Cole: You seem optimistic that the world can get near zero carbon emissions by 2050. Although it is true that our emissions have leveled off at the moment, that outcome seems unlikely to me. What if we go to 800 ppm of CO2 in the atmosphere? Wouldn’t the historical analogy at that point be to the early Eocene hothouse, when there was no surface ice, seas were 150 feet higher, when there was substantial acidification of the oceans and maybe half of one-celled marine organisms were killed off? Doesn’t humanity have 30 years to choose between living in the Pliocene Warm Period of 3 million years ago and living in the Eocene Hothouse of 50 million years ago?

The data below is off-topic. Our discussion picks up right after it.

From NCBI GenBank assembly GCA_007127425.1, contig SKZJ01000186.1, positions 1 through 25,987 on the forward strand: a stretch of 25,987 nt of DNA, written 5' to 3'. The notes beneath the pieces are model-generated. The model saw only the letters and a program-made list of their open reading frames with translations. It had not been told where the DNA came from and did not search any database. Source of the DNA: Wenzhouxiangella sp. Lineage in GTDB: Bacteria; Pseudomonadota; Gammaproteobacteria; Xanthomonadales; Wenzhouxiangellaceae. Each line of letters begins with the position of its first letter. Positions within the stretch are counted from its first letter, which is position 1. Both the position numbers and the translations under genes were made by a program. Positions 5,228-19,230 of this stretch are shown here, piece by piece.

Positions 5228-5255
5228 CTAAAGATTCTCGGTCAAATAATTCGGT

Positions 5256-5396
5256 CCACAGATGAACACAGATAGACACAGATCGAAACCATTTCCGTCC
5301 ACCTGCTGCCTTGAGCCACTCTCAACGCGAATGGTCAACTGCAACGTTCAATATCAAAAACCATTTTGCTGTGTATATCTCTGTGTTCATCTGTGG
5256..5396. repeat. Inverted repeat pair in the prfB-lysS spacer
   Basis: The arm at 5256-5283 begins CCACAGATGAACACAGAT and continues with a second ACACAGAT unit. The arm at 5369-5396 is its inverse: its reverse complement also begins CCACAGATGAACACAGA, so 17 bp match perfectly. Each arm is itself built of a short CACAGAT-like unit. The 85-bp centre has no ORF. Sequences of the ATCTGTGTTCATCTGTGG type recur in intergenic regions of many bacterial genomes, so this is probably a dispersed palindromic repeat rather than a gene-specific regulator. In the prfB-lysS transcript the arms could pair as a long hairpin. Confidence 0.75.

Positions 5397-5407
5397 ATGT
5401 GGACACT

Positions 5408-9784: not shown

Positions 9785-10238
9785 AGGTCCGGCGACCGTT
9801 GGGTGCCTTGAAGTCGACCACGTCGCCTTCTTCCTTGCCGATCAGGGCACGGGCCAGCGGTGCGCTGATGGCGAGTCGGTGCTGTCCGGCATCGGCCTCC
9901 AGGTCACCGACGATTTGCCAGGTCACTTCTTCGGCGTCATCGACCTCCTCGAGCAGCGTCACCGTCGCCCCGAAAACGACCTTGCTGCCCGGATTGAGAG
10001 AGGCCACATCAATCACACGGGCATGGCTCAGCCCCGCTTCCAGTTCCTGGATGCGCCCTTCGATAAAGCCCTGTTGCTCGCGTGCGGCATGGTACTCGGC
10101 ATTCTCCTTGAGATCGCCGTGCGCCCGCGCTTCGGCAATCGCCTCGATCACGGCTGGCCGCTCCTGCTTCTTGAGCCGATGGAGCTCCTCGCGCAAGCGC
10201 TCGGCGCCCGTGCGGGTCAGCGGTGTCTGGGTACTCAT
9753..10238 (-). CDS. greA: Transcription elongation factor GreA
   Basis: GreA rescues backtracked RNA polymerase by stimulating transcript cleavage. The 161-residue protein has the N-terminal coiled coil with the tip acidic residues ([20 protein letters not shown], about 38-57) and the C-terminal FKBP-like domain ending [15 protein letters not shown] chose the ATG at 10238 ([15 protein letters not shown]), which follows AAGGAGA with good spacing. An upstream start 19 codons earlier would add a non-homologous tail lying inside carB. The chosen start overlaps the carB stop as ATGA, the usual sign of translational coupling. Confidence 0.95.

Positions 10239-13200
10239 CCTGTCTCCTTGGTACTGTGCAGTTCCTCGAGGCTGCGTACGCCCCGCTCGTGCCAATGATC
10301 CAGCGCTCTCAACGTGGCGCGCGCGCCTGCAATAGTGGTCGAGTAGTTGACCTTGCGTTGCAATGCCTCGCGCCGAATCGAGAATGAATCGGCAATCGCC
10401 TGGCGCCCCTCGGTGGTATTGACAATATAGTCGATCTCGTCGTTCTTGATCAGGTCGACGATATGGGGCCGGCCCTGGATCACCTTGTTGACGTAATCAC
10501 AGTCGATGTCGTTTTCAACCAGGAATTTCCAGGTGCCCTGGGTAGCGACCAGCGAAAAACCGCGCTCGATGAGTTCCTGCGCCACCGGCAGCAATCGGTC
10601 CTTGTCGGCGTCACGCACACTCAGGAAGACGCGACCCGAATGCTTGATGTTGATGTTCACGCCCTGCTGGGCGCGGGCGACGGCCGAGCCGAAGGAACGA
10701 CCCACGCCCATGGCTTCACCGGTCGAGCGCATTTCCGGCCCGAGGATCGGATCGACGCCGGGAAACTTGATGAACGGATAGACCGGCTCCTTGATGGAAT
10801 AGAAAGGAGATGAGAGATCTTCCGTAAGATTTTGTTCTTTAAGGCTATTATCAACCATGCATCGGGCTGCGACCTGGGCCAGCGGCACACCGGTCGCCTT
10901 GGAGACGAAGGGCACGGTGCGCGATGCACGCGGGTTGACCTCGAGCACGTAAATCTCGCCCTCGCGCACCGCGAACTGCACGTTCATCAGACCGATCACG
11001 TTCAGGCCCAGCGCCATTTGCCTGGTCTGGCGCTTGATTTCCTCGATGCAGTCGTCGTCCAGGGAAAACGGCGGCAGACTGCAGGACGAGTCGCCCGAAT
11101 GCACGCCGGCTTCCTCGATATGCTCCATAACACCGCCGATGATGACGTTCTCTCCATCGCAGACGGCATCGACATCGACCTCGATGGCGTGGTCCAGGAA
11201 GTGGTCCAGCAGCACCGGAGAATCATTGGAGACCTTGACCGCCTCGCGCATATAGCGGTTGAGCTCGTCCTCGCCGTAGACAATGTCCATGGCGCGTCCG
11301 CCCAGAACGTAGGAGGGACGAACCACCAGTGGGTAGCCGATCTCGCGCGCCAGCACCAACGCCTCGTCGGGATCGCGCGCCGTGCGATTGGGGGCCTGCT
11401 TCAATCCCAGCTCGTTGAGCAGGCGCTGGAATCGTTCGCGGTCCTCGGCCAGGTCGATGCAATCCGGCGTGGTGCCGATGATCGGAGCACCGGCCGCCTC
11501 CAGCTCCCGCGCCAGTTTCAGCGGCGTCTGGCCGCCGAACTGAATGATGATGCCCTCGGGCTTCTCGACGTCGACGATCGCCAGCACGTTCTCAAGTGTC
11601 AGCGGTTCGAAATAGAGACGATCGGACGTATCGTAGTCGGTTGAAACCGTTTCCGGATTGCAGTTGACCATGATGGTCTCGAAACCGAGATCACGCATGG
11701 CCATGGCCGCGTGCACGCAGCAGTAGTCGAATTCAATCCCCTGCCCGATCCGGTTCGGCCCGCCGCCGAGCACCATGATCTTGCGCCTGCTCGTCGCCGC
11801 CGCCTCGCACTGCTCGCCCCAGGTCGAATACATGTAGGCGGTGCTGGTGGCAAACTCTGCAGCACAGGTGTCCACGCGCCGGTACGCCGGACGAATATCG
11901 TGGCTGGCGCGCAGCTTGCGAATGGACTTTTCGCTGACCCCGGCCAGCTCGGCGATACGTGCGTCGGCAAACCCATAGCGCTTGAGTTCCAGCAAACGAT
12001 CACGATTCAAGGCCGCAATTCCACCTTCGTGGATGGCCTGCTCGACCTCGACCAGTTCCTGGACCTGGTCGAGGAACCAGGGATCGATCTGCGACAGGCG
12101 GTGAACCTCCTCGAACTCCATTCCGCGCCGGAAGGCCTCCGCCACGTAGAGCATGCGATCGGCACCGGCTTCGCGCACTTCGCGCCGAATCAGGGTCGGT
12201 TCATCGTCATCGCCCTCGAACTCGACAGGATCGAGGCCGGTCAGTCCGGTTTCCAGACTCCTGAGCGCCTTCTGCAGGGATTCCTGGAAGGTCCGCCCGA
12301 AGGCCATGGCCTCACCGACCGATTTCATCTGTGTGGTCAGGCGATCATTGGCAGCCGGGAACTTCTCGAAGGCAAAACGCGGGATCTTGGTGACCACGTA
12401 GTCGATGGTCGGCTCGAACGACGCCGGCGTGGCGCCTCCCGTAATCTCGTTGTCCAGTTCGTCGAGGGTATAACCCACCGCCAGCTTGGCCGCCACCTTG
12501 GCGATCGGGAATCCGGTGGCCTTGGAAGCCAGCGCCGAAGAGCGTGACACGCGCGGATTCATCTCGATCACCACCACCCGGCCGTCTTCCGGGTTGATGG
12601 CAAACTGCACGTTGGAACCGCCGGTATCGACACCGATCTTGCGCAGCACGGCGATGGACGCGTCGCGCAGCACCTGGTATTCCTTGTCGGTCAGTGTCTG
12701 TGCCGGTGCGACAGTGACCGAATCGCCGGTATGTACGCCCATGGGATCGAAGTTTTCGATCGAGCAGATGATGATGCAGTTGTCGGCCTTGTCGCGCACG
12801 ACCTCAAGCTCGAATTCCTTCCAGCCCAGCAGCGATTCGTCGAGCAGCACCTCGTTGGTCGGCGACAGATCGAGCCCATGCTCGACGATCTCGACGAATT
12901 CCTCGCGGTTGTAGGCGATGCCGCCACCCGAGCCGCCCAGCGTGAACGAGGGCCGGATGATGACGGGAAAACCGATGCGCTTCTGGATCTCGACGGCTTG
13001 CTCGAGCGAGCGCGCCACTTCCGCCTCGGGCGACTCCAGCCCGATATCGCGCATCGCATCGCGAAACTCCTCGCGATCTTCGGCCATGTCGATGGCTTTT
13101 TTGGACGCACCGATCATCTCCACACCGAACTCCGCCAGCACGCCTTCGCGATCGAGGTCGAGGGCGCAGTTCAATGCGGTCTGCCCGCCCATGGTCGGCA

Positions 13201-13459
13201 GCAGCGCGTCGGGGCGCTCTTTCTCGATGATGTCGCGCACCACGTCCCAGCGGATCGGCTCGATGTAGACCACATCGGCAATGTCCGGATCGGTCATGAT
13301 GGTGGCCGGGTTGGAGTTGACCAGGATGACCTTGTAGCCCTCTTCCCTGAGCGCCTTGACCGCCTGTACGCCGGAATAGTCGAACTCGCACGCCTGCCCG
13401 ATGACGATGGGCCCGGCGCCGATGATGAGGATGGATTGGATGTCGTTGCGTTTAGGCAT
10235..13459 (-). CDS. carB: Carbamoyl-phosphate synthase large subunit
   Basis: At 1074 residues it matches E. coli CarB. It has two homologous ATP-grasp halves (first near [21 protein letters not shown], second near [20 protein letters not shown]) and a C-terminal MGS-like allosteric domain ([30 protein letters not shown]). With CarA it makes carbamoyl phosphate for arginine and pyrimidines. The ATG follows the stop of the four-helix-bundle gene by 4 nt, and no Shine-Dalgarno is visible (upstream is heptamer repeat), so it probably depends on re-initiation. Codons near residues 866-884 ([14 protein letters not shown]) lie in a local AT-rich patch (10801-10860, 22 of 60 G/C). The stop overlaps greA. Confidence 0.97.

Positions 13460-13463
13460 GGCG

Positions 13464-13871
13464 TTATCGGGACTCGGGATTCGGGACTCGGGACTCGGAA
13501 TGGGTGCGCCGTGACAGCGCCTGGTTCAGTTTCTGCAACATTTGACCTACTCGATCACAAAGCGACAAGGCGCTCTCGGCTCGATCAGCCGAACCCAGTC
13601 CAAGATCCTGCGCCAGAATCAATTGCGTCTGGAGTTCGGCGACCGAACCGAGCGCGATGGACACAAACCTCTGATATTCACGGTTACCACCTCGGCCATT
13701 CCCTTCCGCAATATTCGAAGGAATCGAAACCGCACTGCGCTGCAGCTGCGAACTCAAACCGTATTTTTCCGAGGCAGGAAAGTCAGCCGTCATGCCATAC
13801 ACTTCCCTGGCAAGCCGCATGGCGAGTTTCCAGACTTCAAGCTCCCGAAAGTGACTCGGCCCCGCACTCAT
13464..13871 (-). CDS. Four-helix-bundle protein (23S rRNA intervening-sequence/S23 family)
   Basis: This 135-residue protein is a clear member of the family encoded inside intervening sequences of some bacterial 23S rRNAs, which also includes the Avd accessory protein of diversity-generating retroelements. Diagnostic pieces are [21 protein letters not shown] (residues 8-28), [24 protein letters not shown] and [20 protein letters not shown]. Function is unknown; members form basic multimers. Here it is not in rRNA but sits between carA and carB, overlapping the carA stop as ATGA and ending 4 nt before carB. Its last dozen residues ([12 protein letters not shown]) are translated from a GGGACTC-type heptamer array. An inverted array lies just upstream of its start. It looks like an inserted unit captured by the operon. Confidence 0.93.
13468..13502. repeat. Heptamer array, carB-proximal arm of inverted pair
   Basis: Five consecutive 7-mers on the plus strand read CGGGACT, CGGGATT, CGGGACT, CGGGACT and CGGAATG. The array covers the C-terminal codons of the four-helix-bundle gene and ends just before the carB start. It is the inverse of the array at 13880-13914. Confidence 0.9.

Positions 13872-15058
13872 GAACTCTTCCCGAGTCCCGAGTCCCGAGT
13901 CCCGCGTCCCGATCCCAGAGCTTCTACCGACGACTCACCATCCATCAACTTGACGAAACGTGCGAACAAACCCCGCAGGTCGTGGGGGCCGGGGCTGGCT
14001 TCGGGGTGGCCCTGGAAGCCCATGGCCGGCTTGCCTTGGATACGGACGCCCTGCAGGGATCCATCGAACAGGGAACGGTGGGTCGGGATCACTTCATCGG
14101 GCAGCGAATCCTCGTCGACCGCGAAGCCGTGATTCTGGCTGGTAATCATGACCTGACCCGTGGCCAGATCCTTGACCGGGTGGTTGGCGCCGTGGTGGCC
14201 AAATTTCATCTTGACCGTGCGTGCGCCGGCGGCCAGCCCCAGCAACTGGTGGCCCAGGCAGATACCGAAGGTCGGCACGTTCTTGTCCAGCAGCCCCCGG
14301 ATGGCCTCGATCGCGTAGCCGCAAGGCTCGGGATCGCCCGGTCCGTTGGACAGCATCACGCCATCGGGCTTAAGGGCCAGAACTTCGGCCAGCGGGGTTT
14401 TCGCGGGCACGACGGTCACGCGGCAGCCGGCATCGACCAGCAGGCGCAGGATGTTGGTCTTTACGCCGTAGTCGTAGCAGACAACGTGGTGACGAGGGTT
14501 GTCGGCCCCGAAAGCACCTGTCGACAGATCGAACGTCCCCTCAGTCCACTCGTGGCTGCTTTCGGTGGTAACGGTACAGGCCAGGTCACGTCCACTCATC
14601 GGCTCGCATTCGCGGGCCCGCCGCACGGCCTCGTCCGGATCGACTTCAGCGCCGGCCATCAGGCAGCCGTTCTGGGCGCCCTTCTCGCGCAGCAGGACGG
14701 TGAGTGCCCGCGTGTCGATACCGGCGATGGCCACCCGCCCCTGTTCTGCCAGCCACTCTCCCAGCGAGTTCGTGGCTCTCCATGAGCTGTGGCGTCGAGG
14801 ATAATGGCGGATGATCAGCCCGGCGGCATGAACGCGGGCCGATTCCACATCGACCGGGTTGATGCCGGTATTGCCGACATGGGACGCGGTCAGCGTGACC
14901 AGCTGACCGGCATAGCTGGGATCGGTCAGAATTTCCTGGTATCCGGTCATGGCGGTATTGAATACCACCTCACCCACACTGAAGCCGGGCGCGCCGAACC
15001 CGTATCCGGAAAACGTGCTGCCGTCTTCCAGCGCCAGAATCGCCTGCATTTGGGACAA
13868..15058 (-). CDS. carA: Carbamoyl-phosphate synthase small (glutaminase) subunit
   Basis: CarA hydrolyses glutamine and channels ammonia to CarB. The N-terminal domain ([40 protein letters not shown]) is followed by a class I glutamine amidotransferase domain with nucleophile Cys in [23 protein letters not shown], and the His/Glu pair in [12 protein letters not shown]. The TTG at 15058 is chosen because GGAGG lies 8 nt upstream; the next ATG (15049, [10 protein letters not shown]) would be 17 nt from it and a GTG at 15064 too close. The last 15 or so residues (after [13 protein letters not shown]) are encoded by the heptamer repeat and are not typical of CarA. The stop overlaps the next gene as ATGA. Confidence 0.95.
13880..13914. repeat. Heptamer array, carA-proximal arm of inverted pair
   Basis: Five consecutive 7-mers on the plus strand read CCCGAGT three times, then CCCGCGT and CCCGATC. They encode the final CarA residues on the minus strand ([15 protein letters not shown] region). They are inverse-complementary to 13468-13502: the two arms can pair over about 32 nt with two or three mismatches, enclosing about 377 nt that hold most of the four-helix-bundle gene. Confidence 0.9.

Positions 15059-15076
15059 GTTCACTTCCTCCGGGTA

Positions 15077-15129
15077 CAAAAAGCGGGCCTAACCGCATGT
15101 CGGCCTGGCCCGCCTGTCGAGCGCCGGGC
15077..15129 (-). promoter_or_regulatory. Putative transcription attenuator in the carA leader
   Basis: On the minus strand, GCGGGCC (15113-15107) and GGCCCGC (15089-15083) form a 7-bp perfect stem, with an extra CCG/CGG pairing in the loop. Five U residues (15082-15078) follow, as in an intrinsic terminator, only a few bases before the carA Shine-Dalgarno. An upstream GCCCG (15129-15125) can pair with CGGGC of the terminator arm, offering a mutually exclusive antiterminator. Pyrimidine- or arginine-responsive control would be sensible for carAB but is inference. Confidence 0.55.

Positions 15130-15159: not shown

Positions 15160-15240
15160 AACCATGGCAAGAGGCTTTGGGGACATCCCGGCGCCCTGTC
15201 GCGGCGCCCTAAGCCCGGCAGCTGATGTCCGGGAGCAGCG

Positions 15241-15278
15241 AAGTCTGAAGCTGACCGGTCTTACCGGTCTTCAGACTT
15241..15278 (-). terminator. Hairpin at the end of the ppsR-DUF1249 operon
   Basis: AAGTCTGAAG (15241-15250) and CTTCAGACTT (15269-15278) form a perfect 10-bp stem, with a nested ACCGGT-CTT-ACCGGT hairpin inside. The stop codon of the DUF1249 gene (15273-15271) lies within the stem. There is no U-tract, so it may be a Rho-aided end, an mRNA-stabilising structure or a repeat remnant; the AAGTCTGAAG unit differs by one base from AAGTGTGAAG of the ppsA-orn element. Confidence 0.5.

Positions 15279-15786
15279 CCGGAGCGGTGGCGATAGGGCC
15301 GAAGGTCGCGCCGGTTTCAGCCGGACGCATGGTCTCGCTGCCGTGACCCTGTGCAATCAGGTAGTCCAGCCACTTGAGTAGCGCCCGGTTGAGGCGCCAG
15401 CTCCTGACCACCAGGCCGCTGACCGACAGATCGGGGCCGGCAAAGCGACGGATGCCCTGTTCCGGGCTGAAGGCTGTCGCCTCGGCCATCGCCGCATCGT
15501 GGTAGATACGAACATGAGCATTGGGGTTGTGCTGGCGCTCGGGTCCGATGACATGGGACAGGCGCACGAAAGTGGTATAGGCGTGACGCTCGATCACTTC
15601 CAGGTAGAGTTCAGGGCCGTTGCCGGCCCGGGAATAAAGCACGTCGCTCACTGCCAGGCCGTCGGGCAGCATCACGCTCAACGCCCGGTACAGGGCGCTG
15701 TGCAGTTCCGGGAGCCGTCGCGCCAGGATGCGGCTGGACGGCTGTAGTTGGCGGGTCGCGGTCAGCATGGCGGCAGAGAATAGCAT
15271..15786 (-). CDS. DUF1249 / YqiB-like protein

Mann: I addressed this question in my answer above above with respect to overly high estimates of the mid-Pliocene sea level. But in the final chapter, I use as an epigraph a quote from French writer Antoine de Saint-Exupéry, from his posthumous volume of reflections entitled Citadelle, translated to English: “As for the future, your task is not to foresee it, but to enable it.” I would say that characterizes my view here. As long as we have it within ourselves to prevent the massive additional release of carbon pollution and catastrophic warming of our planet, I refuse to accept that it is preordained we won’t. The laws of physics are immutable. The laws of politics are not.